Could a couple cups of coffee a day reduce your chances of dying from liver disease by nearly half? People who drank coffee on a daily basis, whether caffeinated or not, were less likely to develop chronic liver disease and chronic fatty liver disease, as well as a reduced chance of dying from liver disease, according to a new study published in BMC Public Health on June 22.
This is good news for the majority of us: The National Coffee Association estimates that 62 percent of Americans drink coffee every day, with the average coffee consumer consuming slightly more than three cups per day. According to the Centers for Disease Control and Prevention, chronic liver disease affects 4.5 million individuals in the United States.
According to Oliver Kennedy, PhD, a professor at the University of Southampton in England and the study’s principal author, the lowered risk was found across several coffee varieties, including instant, ground, and decaffeinated. He believes that because of these advantages, coffee might be a readily accessible preventative therapy for chronic liver disease.
The greatest benefit came from drinking more coffee (up to 4 cups).
Researchers tracked 494,585 people who had submitted initial information on how much coffee they consumed, using data from the UK Biobank, a nonprofit health database. The patients were 58 years old on average, 54.5 percent of whom were female, and 94 percent of whom were white.
People were tracked for a median of 10.7 years to see if they developed chronic liver disease or other liver problems.
Coffee drinkers made up 78 percent (384,818) of the group, with an average of two cups per day; non-coffee drinkers made up 22 percent (109,767) of the group. Of the coffee consumers, 55% drank instant coffee, 23% drank ground coffee (including espresso), and 19% drank decaf.
There were 3,600 instances of chronic liver disease over the research period, with 301 fatalities. There were 5,439 instances of chronic liver disease, commonly known as fatty liver disease, and 184 cases of hepatocellular carcinoma, a kind of liver cancer.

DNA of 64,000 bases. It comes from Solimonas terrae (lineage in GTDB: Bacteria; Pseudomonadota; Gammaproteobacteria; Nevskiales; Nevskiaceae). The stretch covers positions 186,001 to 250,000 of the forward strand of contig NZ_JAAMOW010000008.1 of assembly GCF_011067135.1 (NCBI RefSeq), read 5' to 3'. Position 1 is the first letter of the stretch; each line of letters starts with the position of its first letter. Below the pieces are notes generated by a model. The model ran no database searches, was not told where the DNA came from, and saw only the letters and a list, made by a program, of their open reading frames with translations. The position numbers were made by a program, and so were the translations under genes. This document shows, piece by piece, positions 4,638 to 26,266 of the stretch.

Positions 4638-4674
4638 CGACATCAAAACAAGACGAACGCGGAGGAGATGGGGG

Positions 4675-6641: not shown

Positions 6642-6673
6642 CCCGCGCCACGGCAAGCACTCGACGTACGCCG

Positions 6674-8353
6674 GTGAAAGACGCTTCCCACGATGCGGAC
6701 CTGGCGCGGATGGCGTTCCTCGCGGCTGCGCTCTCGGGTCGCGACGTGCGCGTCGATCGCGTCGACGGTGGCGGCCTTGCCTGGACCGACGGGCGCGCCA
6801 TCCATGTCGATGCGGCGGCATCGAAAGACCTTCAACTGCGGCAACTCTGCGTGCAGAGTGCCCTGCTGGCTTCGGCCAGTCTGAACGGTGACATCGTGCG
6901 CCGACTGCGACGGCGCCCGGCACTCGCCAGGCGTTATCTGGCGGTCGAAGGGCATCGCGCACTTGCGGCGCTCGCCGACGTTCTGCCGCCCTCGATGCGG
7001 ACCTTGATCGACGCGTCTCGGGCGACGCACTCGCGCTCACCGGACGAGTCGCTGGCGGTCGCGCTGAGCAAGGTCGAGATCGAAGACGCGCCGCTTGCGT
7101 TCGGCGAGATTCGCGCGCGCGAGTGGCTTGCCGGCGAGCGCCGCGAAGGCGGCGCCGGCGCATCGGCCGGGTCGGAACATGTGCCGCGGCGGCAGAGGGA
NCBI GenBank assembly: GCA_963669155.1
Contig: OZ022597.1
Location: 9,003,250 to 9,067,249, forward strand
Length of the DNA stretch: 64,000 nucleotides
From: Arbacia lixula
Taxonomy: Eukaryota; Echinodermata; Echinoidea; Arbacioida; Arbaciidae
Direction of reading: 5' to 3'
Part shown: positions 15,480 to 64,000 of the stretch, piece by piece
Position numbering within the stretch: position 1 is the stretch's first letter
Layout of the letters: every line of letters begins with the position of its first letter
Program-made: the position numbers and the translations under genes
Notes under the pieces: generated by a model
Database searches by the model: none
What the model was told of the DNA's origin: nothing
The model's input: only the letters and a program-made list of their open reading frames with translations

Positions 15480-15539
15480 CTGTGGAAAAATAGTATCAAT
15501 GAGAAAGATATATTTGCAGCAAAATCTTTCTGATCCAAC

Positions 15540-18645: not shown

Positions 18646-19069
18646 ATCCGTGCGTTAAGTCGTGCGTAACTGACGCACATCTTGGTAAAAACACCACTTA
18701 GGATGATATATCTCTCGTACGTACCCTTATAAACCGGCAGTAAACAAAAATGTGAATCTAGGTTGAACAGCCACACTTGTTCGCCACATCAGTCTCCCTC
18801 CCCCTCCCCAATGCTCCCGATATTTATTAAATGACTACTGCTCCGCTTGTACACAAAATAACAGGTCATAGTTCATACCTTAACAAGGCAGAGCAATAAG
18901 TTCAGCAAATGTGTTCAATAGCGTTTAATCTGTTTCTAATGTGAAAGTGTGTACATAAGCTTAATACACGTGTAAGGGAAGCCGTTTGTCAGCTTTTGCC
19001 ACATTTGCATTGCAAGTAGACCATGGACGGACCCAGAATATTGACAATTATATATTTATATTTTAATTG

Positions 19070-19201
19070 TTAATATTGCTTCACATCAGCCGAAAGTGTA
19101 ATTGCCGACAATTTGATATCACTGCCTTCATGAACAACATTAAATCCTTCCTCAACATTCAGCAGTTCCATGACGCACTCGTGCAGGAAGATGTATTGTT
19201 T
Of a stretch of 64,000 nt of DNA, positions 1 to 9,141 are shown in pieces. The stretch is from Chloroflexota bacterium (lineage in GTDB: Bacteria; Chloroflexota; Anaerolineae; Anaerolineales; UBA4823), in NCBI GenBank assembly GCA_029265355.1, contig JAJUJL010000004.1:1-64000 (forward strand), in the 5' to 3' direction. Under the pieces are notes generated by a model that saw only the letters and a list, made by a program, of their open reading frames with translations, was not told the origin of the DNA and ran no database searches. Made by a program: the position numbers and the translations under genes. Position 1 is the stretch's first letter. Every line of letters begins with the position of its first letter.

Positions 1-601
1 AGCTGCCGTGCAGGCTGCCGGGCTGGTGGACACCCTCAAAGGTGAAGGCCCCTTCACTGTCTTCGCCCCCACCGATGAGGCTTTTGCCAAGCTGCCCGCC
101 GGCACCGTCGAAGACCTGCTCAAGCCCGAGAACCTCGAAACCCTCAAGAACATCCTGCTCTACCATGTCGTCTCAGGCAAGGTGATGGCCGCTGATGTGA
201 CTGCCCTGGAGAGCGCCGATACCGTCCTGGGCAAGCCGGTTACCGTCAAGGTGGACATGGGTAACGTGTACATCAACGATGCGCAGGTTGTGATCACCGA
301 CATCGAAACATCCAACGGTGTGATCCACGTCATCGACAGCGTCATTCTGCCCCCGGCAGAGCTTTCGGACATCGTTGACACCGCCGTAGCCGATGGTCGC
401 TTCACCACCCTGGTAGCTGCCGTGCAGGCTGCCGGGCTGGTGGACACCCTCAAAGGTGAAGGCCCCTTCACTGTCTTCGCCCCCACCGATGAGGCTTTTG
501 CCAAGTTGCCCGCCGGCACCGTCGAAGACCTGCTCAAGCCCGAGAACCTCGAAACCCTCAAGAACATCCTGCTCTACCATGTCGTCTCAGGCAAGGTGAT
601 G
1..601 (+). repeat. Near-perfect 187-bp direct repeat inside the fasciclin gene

To isolate the effect of coffee on liver disease, researchers took into account a number of variables, including smoking status, diabetes, BMI, ethnicity, alcohol intake, and the Townsend deprivation score, which measures socioeconomic level. According on their zip code, typical levels of employment, home and automobile ownership, and household overcrowding, the UK Biobank awarded each participant a Townsend deprivation score.
Coffee users had a 21% lower risk of chronic liver disease, a 20% lower risk of chronic or fatty liver disease, and a 49% lower risk of mortality from chronic liver disease when compared to non-coffee drinkers.
When compared to not drinking coffee, any form of coffee was linked to a lower risk of developing and dying from chronic liver disease, with the highest benefit found in those who drank ground coffee and consumed three to four cups per day.
The findings back up previous research on the benefits of coffee for liver health.
“This research backs up what other studies have revealed about the advantages of coffee for liver health,” says Omar Massoud, MD, PhD, chief of the Cleveland Clinic’s hepatology division. The new study does not include Dr. Massoud.
People who drank two to three cups of coffee per day had a 38 percent lower risk of liver cancer death and a 46 percent lower risk of chronic liver disease death, according to a previous study published in Gastroenterology; those figures rose to 41 percent and 71 percent, respectively, in people who drank four or more cups per day.